The Politics of Identity in Visigothic Spain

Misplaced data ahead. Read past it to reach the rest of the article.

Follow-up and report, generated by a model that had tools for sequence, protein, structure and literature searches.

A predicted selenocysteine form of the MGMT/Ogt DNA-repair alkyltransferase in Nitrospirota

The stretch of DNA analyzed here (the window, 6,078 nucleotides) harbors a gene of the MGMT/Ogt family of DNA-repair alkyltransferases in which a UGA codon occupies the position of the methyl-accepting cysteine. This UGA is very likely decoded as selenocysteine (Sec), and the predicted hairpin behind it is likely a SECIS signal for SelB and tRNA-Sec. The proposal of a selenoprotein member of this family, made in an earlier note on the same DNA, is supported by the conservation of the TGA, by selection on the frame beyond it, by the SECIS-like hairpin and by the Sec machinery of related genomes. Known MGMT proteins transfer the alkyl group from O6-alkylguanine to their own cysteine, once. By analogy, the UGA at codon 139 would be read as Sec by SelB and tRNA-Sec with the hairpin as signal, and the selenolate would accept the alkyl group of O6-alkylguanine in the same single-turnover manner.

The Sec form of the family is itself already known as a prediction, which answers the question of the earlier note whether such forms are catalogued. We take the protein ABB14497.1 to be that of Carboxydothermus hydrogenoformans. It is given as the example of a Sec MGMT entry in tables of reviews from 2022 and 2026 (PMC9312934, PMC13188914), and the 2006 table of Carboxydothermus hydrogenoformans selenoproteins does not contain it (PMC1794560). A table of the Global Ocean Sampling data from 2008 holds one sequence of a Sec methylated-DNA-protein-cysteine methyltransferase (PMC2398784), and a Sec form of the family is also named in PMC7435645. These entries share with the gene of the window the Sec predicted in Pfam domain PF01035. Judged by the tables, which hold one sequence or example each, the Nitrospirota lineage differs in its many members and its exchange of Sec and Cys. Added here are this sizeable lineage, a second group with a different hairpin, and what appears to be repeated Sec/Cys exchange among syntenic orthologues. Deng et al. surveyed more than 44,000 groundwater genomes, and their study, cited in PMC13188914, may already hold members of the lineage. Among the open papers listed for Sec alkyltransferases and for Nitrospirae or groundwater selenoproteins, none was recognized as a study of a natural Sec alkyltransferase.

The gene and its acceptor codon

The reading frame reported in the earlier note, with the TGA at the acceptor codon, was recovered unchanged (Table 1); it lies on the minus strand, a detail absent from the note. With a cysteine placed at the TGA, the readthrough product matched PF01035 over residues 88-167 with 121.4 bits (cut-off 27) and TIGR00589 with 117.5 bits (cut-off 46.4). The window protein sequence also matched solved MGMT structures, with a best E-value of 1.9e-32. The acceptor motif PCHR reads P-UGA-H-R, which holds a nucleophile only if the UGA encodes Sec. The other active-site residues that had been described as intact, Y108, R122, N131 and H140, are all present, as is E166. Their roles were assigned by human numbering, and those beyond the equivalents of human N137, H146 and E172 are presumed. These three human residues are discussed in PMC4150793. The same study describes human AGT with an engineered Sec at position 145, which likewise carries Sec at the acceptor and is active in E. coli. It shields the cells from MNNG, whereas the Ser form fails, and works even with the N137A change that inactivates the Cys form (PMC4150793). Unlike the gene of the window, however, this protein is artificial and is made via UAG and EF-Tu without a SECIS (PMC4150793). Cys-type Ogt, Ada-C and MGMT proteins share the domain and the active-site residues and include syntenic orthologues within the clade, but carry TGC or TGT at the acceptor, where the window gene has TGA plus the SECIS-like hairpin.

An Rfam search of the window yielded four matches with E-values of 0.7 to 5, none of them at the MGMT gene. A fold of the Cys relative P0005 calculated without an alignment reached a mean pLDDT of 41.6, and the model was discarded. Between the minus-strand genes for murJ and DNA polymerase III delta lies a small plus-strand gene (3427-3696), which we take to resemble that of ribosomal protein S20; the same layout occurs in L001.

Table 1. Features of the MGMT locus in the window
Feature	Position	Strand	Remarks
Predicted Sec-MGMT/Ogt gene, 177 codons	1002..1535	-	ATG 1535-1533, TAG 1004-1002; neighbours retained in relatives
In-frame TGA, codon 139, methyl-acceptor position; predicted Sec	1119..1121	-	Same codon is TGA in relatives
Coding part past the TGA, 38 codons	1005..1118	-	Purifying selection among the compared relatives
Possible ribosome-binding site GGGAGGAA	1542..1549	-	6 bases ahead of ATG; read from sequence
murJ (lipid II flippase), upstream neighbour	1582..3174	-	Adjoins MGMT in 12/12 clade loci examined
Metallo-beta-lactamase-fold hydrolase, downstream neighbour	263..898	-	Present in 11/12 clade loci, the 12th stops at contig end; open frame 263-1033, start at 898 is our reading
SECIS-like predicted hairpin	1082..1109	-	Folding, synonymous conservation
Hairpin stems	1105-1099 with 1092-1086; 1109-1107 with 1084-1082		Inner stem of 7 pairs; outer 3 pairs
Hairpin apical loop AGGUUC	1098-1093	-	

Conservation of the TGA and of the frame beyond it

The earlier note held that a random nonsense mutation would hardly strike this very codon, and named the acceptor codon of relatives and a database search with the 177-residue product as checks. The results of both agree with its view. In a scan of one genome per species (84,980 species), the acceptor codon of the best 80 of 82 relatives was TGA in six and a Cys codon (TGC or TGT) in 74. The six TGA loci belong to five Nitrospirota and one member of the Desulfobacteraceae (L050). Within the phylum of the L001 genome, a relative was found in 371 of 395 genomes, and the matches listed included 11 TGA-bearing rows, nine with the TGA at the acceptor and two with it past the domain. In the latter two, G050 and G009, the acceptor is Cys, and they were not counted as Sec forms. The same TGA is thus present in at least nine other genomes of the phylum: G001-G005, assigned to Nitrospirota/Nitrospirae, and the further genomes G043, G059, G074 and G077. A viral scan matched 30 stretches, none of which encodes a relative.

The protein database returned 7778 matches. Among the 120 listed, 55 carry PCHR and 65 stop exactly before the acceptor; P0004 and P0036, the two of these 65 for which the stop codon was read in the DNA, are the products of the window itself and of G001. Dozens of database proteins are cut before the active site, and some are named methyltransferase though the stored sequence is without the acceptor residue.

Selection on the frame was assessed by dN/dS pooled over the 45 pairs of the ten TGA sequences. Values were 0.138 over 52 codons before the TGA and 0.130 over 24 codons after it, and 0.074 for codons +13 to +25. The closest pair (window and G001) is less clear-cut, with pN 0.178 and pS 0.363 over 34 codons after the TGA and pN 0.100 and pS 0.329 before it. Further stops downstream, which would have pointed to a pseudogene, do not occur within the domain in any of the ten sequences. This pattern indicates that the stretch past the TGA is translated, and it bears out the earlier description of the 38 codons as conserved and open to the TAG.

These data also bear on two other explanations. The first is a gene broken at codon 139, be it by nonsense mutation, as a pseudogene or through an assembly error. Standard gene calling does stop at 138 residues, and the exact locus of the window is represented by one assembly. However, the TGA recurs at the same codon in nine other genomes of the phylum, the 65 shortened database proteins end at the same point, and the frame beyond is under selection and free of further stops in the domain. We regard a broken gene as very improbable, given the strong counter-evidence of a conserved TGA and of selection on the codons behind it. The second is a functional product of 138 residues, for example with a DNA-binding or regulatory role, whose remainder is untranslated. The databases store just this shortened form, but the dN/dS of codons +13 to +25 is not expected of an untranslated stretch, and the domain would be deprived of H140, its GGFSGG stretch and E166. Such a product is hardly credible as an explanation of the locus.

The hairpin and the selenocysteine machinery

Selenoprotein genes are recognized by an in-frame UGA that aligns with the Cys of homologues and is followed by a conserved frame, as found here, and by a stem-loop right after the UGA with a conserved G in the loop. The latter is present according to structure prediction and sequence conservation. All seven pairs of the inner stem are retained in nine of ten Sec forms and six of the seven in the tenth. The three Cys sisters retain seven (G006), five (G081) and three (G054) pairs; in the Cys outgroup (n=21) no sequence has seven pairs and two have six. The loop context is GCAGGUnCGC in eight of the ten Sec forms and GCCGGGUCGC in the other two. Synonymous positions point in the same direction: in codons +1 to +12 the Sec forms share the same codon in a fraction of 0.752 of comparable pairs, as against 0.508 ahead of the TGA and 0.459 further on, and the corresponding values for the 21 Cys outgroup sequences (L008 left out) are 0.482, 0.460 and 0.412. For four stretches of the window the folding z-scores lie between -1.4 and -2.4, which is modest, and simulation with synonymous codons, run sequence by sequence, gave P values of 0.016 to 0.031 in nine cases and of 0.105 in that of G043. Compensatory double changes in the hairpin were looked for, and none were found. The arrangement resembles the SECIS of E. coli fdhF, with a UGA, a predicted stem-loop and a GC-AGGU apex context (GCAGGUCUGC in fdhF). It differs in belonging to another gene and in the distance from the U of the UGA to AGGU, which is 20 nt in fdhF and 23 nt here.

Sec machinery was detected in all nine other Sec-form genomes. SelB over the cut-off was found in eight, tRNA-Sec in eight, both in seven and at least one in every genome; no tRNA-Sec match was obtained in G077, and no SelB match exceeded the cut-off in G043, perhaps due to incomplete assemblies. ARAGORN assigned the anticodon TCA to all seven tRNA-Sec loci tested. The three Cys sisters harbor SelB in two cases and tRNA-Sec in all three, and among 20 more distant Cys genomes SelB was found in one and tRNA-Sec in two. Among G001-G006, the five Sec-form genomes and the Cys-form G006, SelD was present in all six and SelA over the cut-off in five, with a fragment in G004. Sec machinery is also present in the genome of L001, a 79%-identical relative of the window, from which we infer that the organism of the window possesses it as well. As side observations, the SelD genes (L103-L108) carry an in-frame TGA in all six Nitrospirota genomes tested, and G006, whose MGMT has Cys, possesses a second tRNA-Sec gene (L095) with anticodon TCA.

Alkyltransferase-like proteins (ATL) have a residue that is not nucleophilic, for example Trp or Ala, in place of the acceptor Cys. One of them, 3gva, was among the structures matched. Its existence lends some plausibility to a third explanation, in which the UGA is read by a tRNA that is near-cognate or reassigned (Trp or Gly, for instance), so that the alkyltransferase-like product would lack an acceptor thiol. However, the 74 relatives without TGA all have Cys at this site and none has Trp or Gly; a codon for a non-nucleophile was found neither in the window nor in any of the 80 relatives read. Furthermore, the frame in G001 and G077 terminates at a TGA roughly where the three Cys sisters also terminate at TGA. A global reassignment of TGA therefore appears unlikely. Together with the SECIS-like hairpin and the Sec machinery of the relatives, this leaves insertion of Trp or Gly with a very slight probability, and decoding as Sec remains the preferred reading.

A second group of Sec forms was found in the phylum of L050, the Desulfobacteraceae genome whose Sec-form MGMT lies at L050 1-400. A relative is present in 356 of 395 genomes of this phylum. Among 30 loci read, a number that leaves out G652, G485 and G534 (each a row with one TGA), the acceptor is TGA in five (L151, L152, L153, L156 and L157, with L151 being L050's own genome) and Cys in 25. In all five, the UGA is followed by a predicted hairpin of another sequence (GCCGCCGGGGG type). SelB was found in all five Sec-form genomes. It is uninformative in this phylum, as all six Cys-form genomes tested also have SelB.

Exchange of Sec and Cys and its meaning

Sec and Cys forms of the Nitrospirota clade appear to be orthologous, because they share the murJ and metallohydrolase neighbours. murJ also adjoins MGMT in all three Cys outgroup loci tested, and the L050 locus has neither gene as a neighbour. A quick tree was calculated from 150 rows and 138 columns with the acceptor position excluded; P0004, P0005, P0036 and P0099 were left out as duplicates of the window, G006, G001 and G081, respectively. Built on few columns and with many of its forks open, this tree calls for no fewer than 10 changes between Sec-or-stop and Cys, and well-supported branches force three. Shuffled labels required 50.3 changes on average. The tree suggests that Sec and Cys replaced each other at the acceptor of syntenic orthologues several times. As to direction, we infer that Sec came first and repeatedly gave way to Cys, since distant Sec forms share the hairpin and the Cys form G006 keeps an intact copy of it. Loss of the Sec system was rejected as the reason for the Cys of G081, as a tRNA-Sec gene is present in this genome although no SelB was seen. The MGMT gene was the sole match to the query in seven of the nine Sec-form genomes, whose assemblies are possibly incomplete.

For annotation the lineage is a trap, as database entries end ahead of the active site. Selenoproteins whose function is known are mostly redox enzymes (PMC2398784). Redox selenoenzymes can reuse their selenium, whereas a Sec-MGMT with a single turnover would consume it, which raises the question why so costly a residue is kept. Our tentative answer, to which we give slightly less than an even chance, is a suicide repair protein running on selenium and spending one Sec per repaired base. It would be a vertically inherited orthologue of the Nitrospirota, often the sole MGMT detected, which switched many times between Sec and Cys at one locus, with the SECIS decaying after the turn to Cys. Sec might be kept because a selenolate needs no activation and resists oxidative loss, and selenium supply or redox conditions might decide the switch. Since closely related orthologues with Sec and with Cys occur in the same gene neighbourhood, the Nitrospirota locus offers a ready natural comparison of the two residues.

Previous scholarship has interpreted Bishop Isidore of Seville (d. 636) retrospectively as the architect of the medieval Spanish church, as the father of Spanish identity, and as a key figure in the transmission of Classical and Patristic learning to the Middle Ages. Drawing on recent studies on identity formation in the early medieval period and an upsurge in interest in late antique Spain, this book examines the historical Isidore as a social actor managing a complex web of responsibilities and relationships. A comparative analysis of Isidore's historical works demonstrates that writing about the past was a method for reconciling Visigothic kings, nobles and Spanish bishops in a period of transformation. This results in a fresh portrait of Isidore as motivated, both politically and pastorally, to balance competing interests and ensure the spiritual and material security of the people of Spain.